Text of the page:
Nevertheless the propagation increase can be sizeable when the mass density of the line is high as shown in this example for a bead chain loop.

Here are the tracking dots on the front of the loop taken at 33 ms intervals in that video.
Image

You can see the separation between the dots gets longer and longer as the mass in the fly leg shortens which indicates the loop speed is increasing since the energy lost to drag is very small compared to the K.E. associated with the moving mass of the bead chain.

From the excel plot below you can see the propagation of the loop increased by a factor of around four for this short length of bead chain.
Image

I have yet to see a measured fly velocity profile for an actual cast, but I hope someday Lasse or Aitor can provide that missing link to all this theory.

Gordy
Gordy - you can stop editting your last two posts. I only have one comment to make and that is, "No comment."
"There can be only one." - The Highlander. :pirate:

PS. I have a flying tank. Your argument is irrelevant.

PSS. How to generate a climbing loop through control of the casting stroke is left as a (considerable) exercise to the reader.

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grunde
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Conservation of Momentum

#88

Post by grunde » Tue Jun 11, 2013 5:51 am

gordonjudd wrote:
Even without air resistance momentum is not conserved when the loop propagates.
Energy will however be conserved if there is no air resistance.

These conservation principles always apply/work (if applied correctly), but when making models we are always making assumptions which are more or less wrong (assuming air drag is zero is obviously wrong in fly casting). Still we can use these simplified models and results/solutions to get a better understanding of what is going on in the "real world"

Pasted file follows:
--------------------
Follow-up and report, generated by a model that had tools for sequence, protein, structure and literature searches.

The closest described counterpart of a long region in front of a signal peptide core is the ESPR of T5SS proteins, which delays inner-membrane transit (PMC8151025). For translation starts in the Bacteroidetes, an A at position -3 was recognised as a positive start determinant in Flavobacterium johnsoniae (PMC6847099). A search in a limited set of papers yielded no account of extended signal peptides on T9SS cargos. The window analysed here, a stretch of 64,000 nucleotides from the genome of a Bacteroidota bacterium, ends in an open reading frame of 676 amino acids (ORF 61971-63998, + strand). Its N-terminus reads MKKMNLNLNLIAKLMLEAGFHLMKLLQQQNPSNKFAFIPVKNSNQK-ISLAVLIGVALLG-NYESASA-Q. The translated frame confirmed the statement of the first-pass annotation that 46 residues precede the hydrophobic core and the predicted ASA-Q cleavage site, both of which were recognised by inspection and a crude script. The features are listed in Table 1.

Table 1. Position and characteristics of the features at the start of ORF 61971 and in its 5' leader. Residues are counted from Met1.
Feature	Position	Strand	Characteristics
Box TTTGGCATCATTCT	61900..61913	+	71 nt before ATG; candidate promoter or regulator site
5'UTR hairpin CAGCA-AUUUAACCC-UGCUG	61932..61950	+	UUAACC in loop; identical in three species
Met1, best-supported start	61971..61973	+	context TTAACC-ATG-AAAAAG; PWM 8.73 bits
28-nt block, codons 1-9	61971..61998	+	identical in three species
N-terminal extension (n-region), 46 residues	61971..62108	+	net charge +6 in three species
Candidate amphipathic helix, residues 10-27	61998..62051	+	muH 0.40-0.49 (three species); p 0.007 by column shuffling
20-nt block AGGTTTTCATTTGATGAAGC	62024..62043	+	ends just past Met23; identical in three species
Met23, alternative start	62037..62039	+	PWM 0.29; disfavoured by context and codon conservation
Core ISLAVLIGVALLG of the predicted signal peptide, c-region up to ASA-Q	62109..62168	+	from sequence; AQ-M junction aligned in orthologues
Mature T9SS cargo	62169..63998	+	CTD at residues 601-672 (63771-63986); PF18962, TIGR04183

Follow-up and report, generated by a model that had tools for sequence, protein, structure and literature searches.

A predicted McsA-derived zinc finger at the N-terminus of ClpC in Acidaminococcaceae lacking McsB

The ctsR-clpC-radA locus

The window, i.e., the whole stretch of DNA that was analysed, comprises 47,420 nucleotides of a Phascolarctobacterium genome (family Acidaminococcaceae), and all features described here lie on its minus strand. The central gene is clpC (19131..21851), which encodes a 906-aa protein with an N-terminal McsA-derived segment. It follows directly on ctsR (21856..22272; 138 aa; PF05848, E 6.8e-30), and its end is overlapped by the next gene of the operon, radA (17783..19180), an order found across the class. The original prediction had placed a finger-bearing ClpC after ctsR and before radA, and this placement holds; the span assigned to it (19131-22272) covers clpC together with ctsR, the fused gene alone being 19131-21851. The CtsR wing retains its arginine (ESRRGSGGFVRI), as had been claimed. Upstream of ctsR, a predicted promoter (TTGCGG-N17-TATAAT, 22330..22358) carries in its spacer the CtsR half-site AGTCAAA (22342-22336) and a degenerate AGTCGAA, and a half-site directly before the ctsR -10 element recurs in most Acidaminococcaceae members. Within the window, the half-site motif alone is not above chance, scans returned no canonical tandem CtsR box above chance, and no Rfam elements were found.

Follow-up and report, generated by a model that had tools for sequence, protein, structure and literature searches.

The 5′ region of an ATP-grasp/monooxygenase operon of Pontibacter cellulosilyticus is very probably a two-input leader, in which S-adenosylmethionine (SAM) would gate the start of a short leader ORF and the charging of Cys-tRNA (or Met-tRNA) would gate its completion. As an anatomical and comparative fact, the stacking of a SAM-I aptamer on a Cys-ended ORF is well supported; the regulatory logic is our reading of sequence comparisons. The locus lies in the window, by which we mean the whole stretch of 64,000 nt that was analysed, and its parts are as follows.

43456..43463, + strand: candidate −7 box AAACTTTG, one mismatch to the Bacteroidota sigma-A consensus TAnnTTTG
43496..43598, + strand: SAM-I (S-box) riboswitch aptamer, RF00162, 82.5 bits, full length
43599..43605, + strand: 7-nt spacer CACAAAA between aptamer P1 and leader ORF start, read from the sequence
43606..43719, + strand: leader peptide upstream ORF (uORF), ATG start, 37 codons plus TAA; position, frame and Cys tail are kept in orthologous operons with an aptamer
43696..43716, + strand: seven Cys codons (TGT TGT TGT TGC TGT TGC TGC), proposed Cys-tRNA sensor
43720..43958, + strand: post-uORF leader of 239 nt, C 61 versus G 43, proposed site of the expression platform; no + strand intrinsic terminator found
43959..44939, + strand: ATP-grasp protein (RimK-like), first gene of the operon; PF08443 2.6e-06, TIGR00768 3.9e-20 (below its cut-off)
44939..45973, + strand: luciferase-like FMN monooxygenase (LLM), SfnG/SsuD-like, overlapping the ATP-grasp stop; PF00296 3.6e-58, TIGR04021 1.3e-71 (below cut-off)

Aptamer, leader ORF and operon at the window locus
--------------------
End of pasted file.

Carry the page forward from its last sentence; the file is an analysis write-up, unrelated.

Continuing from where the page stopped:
Yes this is something I said...

while this:
and
CoM is not the tool to understand how the fly leg speed changes. The convenient way is to write that the variation in kinetic energy of the moving part of the line (neglecting the influence of the gravity)
obviously is something someone else said...
As Grunde and Merlin have noted the important consideration in how the velocity of the loop changes as the moving mass in the fly leg changes it related to the energies involved, not some sort of bastardized COM model.
I have no idea why you are putting these words into my mouth. And I have absolutely no idea what you are talking about when you say "... some sort of bastardized COM model".

Cheers,
Grunde
"Essentially, all models are wrong, but some are useful."
George E. P. Box

Always question the assumptions!

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Conservation of Momentum

#89

Post by Unregistered » Tue Jun 11, 2013 6:31 am